Books with titles like All I Really Need to Know I Learned in Kindergarten make me suspicious. It’s the all-inclusiveness of the title that turns me off. My husband would say I am being too literal.
In fact, going online to confirm that I had remembered the wording correctly (I hadn’t), I see it is a book of essays and the title is taken from the title of the first essay. Not, after all, a book dedicated to the lessons learned in kindergarten. I may be warming to it.
But I digress.
Despite my title for this post, I don’t think I learned everything from being the mother to toddlers, but I am struck by how applicable those life lessons have proven.
In one of my jobs I teach a parent/tot class where we take weekly hikes through a beautiful nature sanctuary. I know, I know, it’s a hard life!
At back-to-school-night when I introduce myself I say I am the mother of two teenage boys and teenagers are a lot like toddlers, only not as cute and you can’t pick them up and move them around. That usually gets a laugh. But those parents just need to wait and see; there really are striking similarities. I find sometimes it helps to remember what he looked like as an adorable toddler when my taller-than-I-am son engages in toddler-like behavior.
For example, travelling: Just as with toddlers, when travelling with teenagers it is a good idea to have snacks and drinks stashed in your bag. No one wants to be around a melting down teenager when a well-timed granola bar could’ve averted the disaster!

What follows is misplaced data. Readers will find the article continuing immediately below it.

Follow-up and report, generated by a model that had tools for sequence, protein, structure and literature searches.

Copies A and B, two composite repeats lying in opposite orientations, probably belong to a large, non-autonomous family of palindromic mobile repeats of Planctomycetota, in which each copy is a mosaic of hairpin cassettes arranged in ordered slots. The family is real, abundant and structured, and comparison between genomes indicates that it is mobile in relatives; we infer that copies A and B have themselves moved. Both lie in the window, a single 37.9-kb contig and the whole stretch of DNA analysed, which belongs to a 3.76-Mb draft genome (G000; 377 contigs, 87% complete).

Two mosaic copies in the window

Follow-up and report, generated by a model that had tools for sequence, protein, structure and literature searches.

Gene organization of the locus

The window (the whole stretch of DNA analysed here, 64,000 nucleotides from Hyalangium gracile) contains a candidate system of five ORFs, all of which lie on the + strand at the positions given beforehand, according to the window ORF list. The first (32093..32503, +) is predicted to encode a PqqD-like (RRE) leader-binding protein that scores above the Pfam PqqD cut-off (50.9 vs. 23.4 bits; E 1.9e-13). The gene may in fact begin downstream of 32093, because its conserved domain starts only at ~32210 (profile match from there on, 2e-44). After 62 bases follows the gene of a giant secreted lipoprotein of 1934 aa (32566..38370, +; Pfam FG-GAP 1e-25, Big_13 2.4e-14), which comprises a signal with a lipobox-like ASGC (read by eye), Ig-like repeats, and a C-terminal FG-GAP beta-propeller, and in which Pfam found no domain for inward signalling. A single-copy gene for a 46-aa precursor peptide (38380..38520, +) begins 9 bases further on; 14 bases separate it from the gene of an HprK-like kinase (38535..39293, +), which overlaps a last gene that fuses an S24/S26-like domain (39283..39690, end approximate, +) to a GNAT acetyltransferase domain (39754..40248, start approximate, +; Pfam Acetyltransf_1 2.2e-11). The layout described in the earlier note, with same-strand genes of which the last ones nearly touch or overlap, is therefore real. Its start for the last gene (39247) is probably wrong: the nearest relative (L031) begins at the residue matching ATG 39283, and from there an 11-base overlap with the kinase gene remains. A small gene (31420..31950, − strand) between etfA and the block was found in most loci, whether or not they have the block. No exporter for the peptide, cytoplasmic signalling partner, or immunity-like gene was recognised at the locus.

Naps? Yep. On our recent family vacation we built in time for naps or downtime. The advantage with teenagers is that parents can go exploring while those kid batteries are being recharged.
Don’t even get me started on clothes. You think your toddler leaves the house in some outlandish outfits? Wait to see the what your teenager cooks up. My husband has drawn the line and refuses to go out with them if they are sporting colorful socks with slide sandals.
What, you may ask, does this have to do with Pettigrew?
As I’ve discussed before [Dog Dictionary: A concise dictionary of canine-to-English and English-to-canine language], Pettigrew likes to see my picking up the leash as an opportunity to play catch-me-if-you-can. Chasing him around is a recipe for disaster. He’s faster and wilier than I am.
Lately I have adopted the ignoring strategy. You know, when the kids were little and it was time to leave the park, but they refused, the most expedient solution was to walk away, knowing they would follow.
Sometimes I walk out the back door, leash in hand, and find Pettigrew behind me, ready to go. But even more reliably, I hook the leash over the doorknob and get busy with something else.
Pettigrew usually walks past me a few times to check, am I really not playing? before he gets worried that a walk is no longer happening. Then he will seek me out and sit obediently while I attach his leash!
And, like teenagers and toddlers, when something is wrong with Pettigrew it pays to do a quick check of the essentials: sleep, food, water, love. Addressing a deficit in any of these categories can usually set everyone to rights.